equus

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See also: Equus

Latin[edit]

Alternative forms[edit]

  • equos (until the middle of the first century B.C.)
  • ecus (the regular development, later remodeled to equus on the analogy of the stem equ- as remained, e.g., in the genitive equi)

Etymology[edit]

From Proto-Italic *ekwos, from Proto-Indo-European *h₁éḱwos ‎(horse). Cognates include Ancient Greek ἵππος ‎(híppos), Sanskrit अश्व ‎(áśva), Persian اسب (æsb), Old Armenian էշ ‎(ēš, donkey), Tocharian B yakwe, Gaulish epos.

Pronunciation[edit]

equus (a horse)

Noun[edit]

equus m ‎(genitive equī); second declension

  1. a horse
    • 29 BCE – 19 BCE, Virgil, Aeneid II.48
      equo ne credite, Teucri! Quidquid id est, timeo Danaos et dona ferentis.
      Do not trust the horse, Trojans! Whatever it is, I fear the Danaans even if they are bearing gifts.
  2. a steed, charger

Inflection[edit]

Second declension.

Case Singular Plural
nominative equus equī
genitive equī equōrum
dative equō equīs
accusative equum equōs
ablative equō equīs
vocative eque equī

Synonyms[edit]

Derived terms[edit]

Related terms[edit]

Descendants[edit]

References[edit]

  • equus in Charlton T. Lewis & Charles Short (1879) A Latin Dictionary, Oxford: Clarendon Press
  • equus in Charlton T. Lewis (1891) An Elementary Latin Dictionary, New York: Harper & Brothers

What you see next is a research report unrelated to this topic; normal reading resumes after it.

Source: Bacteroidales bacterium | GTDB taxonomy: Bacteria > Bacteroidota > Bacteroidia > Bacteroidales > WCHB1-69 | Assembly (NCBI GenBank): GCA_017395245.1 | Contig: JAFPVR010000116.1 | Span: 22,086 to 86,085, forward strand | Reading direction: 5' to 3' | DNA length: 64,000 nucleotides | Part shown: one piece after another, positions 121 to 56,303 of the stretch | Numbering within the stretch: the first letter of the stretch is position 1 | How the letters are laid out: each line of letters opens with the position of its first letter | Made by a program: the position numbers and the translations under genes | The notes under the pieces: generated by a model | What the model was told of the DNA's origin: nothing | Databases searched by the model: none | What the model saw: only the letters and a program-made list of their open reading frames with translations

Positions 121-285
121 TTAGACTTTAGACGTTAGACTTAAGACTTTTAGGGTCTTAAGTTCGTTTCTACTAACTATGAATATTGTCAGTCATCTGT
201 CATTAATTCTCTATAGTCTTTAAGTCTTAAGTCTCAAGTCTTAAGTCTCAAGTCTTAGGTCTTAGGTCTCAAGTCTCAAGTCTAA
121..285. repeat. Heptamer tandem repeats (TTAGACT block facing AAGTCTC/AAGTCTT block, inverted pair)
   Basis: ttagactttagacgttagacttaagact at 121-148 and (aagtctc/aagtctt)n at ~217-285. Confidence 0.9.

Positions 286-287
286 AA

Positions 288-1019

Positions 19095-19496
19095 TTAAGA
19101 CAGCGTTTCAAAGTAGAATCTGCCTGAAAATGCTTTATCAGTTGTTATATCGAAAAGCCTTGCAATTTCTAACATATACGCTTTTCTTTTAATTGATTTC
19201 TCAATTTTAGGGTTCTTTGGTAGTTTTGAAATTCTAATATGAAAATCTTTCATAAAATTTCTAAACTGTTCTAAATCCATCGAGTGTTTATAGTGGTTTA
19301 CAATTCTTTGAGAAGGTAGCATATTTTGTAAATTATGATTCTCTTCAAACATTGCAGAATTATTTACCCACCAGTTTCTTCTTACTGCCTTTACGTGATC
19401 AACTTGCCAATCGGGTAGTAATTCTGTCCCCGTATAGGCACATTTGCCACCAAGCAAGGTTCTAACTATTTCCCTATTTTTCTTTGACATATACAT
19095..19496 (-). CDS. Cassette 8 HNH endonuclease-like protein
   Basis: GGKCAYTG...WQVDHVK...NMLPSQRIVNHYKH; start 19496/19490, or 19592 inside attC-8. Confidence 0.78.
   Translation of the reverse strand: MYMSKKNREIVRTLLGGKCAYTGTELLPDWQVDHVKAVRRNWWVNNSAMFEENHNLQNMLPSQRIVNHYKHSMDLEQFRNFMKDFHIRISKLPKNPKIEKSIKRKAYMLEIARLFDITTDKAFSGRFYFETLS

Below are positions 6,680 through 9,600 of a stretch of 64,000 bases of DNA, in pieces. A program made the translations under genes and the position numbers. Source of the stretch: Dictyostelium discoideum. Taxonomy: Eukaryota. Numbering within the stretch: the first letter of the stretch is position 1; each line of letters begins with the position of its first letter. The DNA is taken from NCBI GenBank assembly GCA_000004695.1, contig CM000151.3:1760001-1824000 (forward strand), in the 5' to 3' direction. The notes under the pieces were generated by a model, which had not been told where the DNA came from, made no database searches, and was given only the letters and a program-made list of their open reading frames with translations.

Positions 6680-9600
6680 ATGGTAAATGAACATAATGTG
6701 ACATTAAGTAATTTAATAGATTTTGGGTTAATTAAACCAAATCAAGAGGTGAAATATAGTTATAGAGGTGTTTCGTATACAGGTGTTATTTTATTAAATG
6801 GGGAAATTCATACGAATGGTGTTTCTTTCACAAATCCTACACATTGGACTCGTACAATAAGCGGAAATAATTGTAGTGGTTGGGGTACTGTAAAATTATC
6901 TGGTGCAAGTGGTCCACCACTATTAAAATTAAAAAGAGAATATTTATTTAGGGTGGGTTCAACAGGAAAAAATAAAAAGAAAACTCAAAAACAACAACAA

• EQUUS” in Charles du Fresne du Cange’s Glossarium Mediæ et Infimæ Latinitatis (augmented edition, 1883–1887)
  • equus” in Félix Gaffiot (1934), Dictionnaire Illustré Latin-Français, Paris: Hachette.
  • Meissner, Carl; Auden, Henry William (1894) Latin Phrase-Book[1], London: Macmillan and Co.
    • to begin a journey (on foot, on horseback, by land): iter ingredi (pedibus, equo, terra)
    • to ride: equo vehi
    • to saddle a horse: sternere equum
    • to mount: conscendere equum
    • to mount: ascendere in equum
    • to dismount: descendere ex equo
    • to be on horseback: in equo sedere; equo insidēre
    • to sit a horse well; to have a good seat: (in) equo haerere
    • to put spurs to a horse: calcaria subdere equo
    • to put spurs to a horse: calcaribus equum concitare
    • at full gallop: equo citato or admisso
    • ride against any one at full speed; charge a person: equum in aliquem concitare
    • to give a horse the reins: admittere, permittere equum
    • to give a horse the reins: frenos dare equo
    • to make a horse prance: agitare equum
    • to manage a horse: moderari equum
    • the horses are panic-stricken, run away: equi consternantur
    • to bring horses to the halt when at full gallop: equos incitatos sustinere
    • to keep horses, dogs: alere equos, canes
    • to serve in the cavalry, infantry: equo, pedibus merere (Liv. 27. 11)
    • to capture horses: capere equos
    • to fight on horseback: ex equo pugnare